Life With a Mortgage: Seven Months Later
Seven months ago, after seeing over 80 places and spending two years looking, M and I finally bought our first place. After that much time and all that effort, it felt like a huge step for us. And it was—we were excited to own our own place, build some equity, and officially become grownups.
Seven months later, I’m very happy with our decision. We have much more room, two bathrooms, and a permanent house guest that fills it all with her sweet cries. We love our neighborhood and the fact that it’s filled with other families with young children.
Here are some random thoughts now we have become homeowners:
A Bill is Just a Bill
I’ve never missed a rental payment and I have yet to miss a mortgage payment (knock on wood). I don’t intend to not pay my mortgage any time soon, so sending a check to the bank versus a landlord isn’t much of a difference. In our case, we’re paying more than we were as renters, but it’s still money we know we have to pay every month. Some of it is for taxes, but I still just think of it as the biggest bill we have. This doesn’t feel much different.
I’m cheap, so when things break and I can’t just complain to the landlord to fix it, it means I’m next in line. Which is great, I like learning to do new things for myself. So far I’ve installed a couple of doorstops, dissassembled the kitchen sink and put it back together, and…that’s about it. Other than that I haven’t torn any walls down or installed any invisible bookshelves, so I haven’t done a whole lot. I’m sure that will change though.
This is a big one. Will our place appreciate in value? Are we going to take a hit when we sell it? How much will we make? Will we delay moving because of the property value even if we really want to move? What if something serious breaks and we have to shell out $5,000 for it? These are the things that scare every homeowner, and there’s no escaping them—it’s the risk that comes with owning.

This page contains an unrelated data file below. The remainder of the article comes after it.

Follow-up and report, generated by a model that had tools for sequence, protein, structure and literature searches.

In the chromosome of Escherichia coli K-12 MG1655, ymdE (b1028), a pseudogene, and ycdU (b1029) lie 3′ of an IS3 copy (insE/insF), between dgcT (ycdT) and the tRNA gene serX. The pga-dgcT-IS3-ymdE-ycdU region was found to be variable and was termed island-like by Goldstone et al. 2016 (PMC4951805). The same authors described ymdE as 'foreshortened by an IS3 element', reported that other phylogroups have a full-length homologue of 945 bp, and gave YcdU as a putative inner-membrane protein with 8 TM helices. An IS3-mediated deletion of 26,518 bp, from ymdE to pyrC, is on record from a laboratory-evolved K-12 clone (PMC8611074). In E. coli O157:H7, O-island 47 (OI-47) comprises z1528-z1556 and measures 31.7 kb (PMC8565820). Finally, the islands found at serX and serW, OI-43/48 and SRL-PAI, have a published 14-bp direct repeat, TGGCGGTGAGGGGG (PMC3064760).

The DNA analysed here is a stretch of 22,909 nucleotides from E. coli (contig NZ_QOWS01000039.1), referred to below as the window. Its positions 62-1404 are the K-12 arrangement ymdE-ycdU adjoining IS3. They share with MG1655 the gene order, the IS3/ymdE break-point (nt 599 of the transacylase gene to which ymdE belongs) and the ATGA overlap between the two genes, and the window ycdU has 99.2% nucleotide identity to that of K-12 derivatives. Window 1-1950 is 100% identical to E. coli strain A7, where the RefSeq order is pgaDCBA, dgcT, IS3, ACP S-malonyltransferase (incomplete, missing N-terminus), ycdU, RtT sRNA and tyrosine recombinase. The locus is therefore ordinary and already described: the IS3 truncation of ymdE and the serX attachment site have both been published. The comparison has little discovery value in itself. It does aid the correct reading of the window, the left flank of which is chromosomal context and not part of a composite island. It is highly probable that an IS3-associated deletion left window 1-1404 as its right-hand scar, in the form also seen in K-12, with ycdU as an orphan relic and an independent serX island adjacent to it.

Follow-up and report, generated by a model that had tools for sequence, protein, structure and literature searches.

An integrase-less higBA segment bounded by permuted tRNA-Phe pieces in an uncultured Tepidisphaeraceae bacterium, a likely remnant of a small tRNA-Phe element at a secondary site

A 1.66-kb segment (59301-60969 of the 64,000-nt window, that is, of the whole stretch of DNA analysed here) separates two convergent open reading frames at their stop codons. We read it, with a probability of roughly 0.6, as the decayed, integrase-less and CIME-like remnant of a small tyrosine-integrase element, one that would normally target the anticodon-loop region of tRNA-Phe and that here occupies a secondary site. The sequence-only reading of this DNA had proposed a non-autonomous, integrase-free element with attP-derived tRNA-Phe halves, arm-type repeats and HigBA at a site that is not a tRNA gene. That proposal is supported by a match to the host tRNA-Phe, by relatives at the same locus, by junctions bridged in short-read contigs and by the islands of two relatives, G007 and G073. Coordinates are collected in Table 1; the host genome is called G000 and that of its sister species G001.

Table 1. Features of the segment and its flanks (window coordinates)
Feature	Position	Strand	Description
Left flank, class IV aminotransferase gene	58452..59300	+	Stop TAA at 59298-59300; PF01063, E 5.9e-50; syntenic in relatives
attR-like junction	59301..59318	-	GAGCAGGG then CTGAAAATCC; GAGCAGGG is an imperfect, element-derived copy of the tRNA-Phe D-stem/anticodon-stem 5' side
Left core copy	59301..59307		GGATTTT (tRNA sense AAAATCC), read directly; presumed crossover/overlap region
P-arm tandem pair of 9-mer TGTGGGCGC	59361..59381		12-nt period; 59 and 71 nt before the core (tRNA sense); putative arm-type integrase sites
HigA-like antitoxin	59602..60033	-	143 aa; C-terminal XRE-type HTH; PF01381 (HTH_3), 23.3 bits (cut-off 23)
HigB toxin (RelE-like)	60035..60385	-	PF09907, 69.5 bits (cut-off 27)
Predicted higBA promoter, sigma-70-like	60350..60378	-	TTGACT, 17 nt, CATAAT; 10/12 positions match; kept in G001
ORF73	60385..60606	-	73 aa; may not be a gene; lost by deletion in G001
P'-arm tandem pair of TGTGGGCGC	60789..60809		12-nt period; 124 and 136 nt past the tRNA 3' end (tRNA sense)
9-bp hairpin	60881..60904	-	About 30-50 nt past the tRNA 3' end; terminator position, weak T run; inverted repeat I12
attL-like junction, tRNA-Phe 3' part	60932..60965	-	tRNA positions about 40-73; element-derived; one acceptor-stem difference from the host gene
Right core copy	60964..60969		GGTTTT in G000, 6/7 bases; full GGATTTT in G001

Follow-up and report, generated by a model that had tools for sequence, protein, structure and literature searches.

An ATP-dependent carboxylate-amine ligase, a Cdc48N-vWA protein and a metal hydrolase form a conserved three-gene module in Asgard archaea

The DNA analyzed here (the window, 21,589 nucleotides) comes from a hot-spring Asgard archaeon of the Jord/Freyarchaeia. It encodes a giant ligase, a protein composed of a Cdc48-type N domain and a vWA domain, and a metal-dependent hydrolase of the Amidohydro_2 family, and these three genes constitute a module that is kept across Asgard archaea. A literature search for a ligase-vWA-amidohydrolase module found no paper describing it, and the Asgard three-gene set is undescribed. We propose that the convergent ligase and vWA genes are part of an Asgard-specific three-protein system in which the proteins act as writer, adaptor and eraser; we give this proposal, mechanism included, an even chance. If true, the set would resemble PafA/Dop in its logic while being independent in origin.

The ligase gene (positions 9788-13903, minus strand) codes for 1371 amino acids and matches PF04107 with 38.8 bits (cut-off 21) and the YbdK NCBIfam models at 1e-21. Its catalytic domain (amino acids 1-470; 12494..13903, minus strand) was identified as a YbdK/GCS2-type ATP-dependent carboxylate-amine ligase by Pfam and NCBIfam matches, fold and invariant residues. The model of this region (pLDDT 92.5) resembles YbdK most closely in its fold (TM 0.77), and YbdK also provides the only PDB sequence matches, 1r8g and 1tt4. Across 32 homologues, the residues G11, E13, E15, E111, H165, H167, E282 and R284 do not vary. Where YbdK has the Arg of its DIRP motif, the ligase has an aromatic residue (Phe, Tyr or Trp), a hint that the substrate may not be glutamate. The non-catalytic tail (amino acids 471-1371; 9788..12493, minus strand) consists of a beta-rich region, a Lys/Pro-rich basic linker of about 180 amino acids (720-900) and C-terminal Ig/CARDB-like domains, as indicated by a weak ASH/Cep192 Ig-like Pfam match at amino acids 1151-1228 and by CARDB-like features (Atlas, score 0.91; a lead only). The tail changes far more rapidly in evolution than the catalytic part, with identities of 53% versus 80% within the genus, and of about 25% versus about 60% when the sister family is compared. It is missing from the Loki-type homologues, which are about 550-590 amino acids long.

Still Beats Renting
Regardless of what happens with home values, we’re still going to come out on top. While renting does come with more flexibility and peace of mind, owning is a kind of forced savings that I wasn’t doing when I rented. Sure, you could take the extra money we’re paying now and put it into stocks, become a perpetual renter, and you might come out on top in 30 years. Might. But we wouldn’t send a payment to our brokerage every month the way we do to our mortgage lender. Why? Because we don’t have to. The mortgage we have to pay.
The Tax Credit was Huge
Huge. Sure, we could’ve done it without the credit and we’d be fine, but having that extra cash in the bank is nice. Very nice. In our case, it fulfilled its goal: to get people that were on the fence to take the plunge. You’re welcome, economy.
I’m glad we bought. Looking back, it doesn’t feel like it was such a big deal after all, but back when we took the plunge it was the “biggest thing we’d ever done.” I guess it works that way with a lot of things. I’ll let you know how I feel when I have to replace a furnace or pay a special assessment to build a new roof…then I’m sure I’ll be singing a different tune.